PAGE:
About 60 kilometres into the trip, the jolly bull leans on the back of the stock crate and sways like a Hawaiian dancer. Not just a little but a lot. Singing stops.

“Sorry Zoe, Mama has to concentrate for a bit.”

After a few deep breaths, the frightening fishtail irons itself out and I gently up the revs. Fishtail again. Ease off again to 60km/hr and Fernando stands up straight.

“Holy cow!”

After one more repeat, I decide it best to play it cool and nurse the flaming bull into town.

“This is bull#$%t” (muttered under breath)

Get to the yards – padlocked.

“What the?”

Turn around to have a think and, wow, an apology to Fernando is certainly in order. One of the trailer wheels is hanging on by a single nut. No wonder nobody dared tailgate me, even at 60km/hr. I’d figured the cowards were wary of an Aussie (green and gold) shower over their gleaming duco.

Dig out the car’s spare (thankfully the tandem has Ford Falcon hubs), borrow one nut from each of the other three wheels, find another gate for Fernando and limp home in the rain. Feeling blonde but blessed tonight.

That blasted bull just had to go

It was with a sense of triumph that Clarkie and I closed the gates behind the tall bull today.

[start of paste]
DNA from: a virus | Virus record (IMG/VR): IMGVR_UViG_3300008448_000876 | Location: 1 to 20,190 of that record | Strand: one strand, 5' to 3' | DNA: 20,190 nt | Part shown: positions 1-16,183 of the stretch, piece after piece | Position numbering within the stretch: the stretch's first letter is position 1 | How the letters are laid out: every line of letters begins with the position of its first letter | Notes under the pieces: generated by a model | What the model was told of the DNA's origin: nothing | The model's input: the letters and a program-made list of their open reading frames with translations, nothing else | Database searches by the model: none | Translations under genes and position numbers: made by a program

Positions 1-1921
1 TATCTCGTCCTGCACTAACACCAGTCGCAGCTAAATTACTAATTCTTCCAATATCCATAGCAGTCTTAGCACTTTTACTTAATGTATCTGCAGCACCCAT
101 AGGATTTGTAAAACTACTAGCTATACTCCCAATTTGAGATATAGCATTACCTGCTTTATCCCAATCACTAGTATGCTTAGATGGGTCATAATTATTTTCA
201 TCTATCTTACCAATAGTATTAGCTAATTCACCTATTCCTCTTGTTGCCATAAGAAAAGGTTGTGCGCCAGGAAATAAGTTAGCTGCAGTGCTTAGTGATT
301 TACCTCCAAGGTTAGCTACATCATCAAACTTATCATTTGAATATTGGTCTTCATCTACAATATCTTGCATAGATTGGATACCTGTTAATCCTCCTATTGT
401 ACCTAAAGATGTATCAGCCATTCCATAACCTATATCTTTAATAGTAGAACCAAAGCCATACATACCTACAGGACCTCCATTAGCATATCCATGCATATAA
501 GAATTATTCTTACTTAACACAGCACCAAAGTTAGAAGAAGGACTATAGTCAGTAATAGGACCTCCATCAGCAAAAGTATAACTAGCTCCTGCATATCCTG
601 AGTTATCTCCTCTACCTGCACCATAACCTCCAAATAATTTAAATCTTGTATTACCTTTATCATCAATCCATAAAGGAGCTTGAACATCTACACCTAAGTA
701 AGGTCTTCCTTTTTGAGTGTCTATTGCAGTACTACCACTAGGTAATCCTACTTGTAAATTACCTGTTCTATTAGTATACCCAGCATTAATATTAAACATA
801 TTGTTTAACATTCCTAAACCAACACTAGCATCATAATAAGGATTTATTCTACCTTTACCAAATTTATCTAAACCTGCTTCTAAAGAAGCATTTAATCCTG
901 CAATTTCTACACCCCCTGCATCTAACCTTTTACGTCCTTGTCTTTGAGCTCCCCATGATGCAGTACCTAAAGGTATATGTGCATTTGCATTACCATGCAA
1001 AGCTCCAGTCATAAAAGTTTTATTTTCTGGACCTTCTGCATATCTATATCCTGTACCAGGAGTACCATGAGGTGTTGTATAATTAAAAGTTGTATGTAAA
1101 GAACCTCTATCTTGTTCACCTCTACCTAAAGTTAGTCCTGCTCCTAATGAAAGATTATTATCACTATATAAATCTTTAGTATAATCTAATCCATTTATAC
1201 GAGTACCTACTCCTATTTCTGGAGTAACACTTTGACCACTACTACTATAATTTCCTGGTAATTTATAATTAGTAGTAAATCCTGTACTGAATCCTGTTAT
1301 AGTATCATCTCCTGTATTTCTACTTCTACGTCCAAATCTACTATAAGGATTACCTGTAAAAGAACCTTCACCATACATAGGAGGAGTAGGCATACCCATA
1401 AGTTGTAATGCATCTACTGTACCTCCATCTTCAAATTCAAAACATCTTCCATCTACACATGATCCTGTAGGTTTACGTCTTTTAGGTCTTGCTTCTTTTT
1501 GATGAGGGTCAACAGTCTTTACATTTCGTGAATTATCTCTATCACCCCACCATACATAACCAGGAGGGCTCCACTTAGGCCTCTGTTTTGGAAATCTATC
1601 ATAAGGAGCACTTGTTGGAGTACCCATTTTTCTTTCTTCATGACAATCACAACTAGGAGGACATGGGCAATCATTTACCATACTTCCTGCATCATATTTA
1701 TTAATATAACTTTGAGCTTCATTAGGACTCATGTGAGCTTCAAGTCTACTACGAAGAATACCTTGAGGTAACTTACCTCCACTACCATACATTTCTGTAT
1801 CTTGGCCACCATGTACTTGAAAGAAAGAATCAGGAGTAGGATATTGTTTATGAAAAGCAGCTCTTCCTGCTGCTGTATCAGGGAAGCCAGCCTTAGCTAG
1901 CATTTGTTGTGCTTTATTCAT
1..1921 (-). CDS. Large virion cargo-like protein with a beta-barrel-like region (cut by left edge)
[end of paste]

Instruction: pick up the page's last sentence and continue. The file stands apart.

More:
As you may have gathered, I’m a bit of a softie and almost always feel a pang of regret selling one of our animals but Tall Bull is going to market and will not be missed. This Friesian monster towers over cows and our other bulls, gallops like a racehorse and leaps fences like a showjumper. He’s also (pardon the pun) a bully. We were awestruck when we saw him toss a Jersey bull over a fence onto the road with a toss of his massive, triangular head.

Recently, he’s just begun moving around the farm at will, too. He’s too cocky to be called safe, too big to sire easy birthing progeny and too uncontrollable to have near people, infrastructure or calves.

The decision to send him away was easy. Getting him on the truck played on my mind a little more. It started off badly. We offered him companions on his walk across the farm to the yards but he rejected them, opting to leap a fence and take on a rival. Thankfully, his speed ended up playing into our hands – he was easy to separate from everyone else because all were left far behind.

A regal presence, certainly, but not a fitting king for our farm. So long, Tall Bull!

A day in the life of an Australian dairy farming family

I kept a time log yesterday. Here’s how our busy but not unusual day went.

5.00am Wayne hops on the quad bike to round up the cows and slowly and quietly bring them to the dairy

5.45am Milking starts

6.30am Marian hits her desk to catch up on paperwork before Zoe wakes and checks the online forecast. All three computer models agree there’s a little rain coming tomorrow. Better get the nitrogen onto those paddocks we just grazed early tomorrow morning!

8.15am Milking’s finished and the cleaning begins

8.30am Zoe and Marian shift the effluent irrigator, fill the pump with petrol and get it going.